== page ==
Intestinal bacteria in farm animals have become less resistant to antibiotics in the last decade.
This is revealed by the so-called NethMap/MARAN report released by the Netherlands National Institute for Public Health and the Environment (RIVM), Wageningen Food Safety Research (WFSR), Wageningen Bioveterinary Research (WBVR) and Utrecht University (UU). These institutes are commissioned by the government to monitor antibiotic resistance in humans, animals and food.
The monitoring study indicates that the antibiotic resistance in intestinal bacteria an all farm animals dropped in the last decade. In broilers, the levels dropped to the lowest level since 1998. This matches the lowered use of antibiotics in these animals, which was 30 per cent lower in 2021 than in the previous year, data from the Authority for Veterinary Medicines show.
This agency reports a drop in sales and the use of antibiotics for farm animals across the board. Compared to the reference year 2009, the (then high) sales of antibiotics for farm animals dropped by 10.8 per cent in 2021. The stricter rules for antibiotics that are crucial in preventing infections in humans that were put in place in 2015 are partly responsible for this drop. Antibiotics of this kind may only be used in animals in exceptional cases.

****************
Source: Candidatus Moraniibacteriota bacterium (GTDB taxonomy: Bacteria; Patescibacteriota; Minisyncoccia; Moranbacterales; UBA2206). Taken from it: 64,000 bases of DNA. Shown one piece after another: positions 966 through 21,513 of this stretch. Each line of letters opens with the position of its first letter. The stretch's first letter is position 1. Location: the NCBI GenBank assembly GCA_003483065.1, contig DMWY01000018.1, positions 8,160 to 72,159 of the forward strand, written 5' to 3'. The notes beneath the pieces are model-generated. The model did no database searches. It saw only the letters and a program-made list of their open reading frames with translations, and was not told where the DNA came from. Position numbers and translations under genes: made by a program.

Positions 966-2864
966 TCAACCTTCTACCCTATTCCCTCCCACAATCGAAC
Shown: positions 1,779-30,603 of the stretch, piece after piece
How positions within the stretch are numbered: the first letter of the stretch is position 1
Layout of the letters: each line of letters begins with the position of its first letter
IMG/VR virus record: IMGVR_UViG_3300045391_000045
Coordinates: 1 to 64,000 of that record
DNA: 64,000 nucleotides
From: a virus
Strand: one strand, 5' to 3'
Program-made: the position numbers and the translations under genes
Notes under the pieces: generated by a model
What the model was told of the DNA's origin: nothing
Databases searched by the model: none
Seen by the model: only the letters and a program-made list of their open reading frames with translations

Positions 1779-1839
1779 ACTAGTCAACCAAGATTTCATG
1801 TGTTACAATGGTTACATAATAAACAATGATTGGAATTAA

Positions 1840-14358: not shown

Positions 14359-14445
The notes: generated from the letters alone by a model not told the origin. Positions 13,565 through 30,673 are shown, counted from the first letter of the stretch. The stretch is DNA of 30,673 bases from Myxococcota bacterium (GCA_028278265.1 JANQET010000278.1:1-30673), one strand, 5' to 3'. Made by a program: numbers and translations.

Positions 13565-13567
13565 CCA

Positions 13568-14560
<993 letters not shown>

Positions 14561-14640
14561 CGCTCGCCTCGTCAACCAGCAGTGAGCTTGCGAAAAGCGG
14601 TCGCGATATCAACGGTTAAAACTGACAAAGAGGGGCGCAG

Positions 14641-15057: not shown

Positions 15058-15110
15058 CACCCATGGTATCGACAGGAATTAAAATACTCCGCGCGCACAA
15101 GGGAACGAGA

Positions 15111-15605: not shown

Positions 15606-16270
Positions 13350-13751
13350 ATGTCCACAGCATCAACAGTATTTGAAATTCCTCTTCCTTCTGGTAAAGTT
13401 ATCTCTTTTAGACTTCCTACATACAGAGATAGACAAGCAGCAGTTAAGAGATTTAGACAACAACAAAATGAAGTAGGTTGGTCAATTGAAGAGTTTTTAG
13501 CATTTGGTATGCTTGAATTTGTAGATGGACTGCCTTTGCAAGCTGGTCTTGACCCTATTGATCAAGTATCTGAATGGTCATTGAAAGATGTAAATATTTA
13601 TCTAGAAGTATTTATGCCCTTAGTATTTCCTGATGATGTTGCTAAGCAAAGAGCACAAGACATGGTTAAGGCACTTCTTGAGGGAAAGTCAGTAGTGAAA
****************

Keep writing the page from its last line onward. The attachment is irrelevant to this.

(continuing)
Antibiotic resistance in farm animals is monitored annually. The food and consumer authority NVWA takes samples of broilers, pigs and calves, which are then tested for antibiotics resistance by WBVR. ‘Within that monitoring programme, we study E. coli, Salmonella and Campylobacter-bacteria. These bacteria cause food infections and must thus be monitored for public health,’ says Kees Veldman, who works at WBVR as head of the National Reference Laboratory for Antibiotic Resistance in Animals.
Resistance to antibiotics is a global issue. This spring, Wageningen development biologists and German physicists mapped the various evolutionary routes of antibiotic resistance. Wageningen also does extensive research on new antibiotics to which bacteria have not yet become resistant.